Of the family the man appears to be the most obsessed with the fate which has befallen them, and spends much time brooding over their awful experiences and the loss of his children. He has asked to be found some employment with which to occupy his mind, and this, we understand, will be given him on the estate where he is at present a guest.
In November 1914, the following appeared in the Belgian newspaper De stem uit België :
A couple of months later, in January 1915, a longer request is published :
VAN OOSTERWIJK. Alfons, from Campenhout-Sas , with wife Josephina Feyaerts and 3 children asks for news of his little girl 9 year old Julia and of his parents and brothers and sisters from Boortmeerbeek and also of Gustaaf van Oosterwijk and wife Louis Feyaerts and child and other members of the van Oosterwijk family and Isabelle de Pris from Wespelaar. They are staying at Stables Herens, Uckfield (Sussex), England.
I think we can safely assume that this is the family referred to in the article. I wonder whether they were ever reunited with their little girl? I would so like to think so. Perhaps I will find out more on my next visit to the archives in Brussels and Kew.
 James Fitzalan HOPE (‘J.F.’ rather than ‘F.J.’), nephew of the Duke of Norfolk, and Conservative MP for Sheffield Brightside 1900-1906 and Sheffield Central 1908-1929, bought the house at Heron’s Ghyll in 1891 from its then-owners, the Duchy of Norfolk,. A Roman Catholic, he commissioned the building of a Catholic Church near the house. St John the Evangelist was opened in 1897 and consecrated on 7th September 1904. The Belgian family very probably worshipped in this church.
Although Heron’s Ghyll strictly-speaking comes under Buxted, that the HOPE family had some connection with the village of Fairwarp is evidenced by the fact that in 1911 J.F. POPE was President of the Fairwarp Cricket Club (Sussex Express, 27th October 1911)
Mrs HOPE – or Lady RANKEILLOUR she would become when her husband was raised to the peerage in 1932 – received the Elisabeth Medal from the King and Queen of the Belgians for humanitarian work during the First World War. In addition to helping this family of refugees, and maybe others, she was responsible for the work of equipping and running 35 soldiers’ huts in England and France which were organised by the Catholic Women’s League of which she was for a time President.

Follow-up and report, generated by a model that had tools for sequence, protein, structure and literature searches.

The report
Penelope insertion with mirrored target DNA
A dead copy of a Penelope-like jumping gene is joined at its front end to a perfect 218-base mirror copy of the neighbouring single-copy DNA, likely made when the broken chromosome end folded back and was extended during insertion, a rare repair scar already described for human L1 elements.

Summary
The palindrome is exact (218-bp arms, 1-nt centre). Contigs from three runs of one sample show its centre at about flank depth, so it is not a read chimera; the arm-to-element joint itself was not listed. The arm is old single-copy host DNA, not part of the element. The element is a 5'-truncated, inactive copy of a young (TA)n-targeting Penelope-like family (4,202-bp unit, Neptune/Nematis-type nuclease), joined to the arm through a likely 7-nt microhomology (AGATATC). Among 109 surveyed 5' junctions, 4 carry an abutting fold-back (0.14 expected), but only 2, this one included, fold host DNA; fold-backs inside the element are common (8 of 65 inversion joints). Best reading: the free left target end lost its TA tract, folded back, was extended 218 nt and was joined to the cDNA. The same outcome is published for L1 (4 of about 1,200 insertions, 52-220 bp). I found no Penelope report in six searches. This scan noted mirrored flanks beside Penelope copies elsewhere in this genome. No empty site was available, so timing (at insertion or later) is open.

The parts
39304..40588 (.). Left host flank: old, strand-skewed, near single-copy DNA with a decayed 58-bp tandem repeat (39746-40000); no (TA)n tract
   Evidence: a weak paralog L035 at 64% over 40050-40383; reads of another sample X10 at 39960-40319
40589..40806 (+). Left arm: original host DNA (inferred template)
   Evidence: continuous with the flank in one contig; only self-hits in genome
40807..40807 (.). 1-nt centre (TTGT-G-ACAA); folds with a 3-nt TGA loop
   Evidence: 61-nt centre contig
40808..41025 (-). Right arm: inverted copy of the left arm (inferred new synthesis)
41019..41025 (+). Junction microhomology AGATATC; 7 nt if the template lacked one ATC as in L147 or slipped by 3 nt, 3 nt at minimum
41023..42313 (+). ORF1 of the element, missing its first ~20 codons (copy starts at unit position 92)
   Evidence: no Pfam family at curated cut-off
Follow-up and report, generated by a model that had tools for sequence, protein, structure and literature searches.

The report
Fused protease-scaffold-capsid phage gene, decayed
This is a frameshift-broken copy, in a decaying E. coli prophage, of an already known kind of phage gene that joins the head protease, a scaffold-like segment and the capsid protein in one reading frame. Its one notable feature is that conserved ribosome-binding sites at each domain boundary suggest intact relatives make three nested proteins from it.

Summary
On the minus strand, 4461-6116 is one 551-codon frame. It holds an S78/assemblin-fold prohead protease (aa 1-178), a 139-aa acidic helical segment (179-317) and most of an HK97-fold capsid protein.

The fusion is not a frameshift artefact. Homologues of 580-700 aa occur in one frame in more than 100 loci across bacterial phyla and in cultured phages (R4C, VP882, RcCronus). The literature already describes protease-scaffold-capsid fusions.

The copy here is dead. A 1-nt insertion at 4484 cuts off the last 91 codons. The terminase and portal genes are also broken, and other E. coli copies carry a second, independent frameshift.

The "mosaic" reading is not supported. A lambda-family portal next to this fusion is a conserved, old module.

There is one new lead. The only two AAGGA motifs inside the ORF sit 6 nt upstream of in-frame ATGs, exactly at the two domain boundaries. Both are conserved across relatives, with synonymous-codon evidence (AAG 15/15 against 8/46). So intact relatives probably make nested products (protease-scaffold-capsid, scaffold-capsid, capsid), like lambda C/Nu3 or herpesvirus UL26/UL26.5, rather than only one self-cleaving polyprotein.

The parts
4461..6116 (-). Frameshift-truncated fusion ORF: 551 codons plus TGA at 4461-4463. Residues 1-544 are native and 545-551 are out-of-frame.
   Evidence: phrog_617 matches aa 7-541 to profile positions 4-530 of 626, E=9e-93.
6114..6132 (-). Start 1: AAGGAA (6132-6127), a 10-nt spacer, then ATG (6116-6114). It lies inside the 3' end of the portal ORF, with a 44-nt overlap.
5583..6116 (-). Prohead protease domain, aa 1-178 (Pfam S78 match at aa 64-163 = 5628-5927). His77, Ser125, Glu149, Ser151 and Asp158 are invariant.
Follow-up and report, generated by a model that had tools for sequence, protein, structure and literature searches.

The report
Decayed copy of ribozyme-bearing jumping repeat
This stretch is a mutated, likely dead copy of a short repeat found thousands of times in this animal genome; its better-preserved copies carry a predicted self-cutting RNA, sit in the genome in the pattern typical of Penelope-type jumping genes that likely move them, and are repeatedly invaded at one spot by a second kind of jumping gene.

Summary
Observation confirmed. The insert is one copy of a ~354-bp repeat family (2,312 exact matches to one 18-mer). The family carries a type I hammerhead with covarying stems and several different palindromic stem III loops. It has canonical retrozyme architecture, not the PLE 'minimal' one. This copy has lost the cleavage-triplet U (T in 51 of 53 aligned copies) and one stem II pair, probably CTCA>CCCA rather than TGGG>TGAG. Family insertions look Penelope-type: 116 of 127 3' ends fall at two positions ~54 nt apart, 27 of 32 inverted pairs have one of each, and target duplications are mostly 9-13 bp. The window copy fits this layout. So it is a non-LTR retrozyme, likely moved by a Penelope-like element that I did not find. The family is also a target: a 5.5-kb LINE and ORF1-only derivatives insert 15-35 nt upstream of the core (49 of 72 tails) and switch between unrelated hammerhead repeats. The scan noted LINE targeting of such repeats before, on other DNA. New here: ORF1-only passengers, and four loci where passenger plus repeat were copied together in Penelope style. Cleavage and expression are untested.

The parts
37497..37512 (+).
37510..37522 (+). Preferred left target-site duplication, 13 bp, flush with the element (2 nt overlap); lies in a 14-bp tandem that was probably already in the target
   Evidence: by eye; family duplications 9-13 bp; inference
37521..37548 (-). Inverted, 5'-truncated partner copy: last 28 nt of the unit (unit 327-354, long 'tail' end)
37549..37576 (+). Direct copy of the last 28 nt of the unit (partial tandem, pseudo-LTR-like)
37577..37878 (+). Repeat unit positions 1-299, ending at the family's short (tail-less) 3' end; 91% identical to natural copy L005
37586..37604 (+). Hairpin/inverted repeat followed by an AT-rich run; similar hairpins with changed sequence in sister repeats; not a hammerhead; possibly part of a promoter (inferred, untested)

The DUTTON family lived at The Stables, Herons Ghyll, where Albert Edward DUTTON was employed as Coachman and chauffeur. I am not sure where he was in October 1914, but he was first in the Sussex Yeomanry, and then, in June 1915, he was in the Royal Navy, a motor driver serving with the RNAS (Royal Naal Air Service) on HMS President II. In August 1917 he was posted to the East Mediterranean , where he remained until 31 March 1918, becoming an Air Mechanic with the RAF on its formation the following day* (UK Royal Air Force Airmen‘s records of the First World War – Source:Ancestry/Fold3)
Albert and his wife Caroline (nee STEVENS) had 3 children, Frank (b.1908), Albert (b.1910) and Gladys (b.1911). It must have been quite a crush in the 5-roomed house when the Belgian family moved in in October 1914.
 The Reverend Father Emile BURT was parish priest at St John the Evangelist Heron’s Ghyll from 1910-1922.
 In August 1914 the region around Kampenhout-Sas was the scene of fierce fighting. All houses in the vicinity were destroyed, and the hamlet of Relst was totally wiped off the map. In Boortmeerbeek 85 houses were burnt. In Wespelaar 47. The parish priest of nearby Buken (Bueken), Fr H. DE CLERK, was one of those in the Diocese of Mechelen (Malines) murdered in 1914.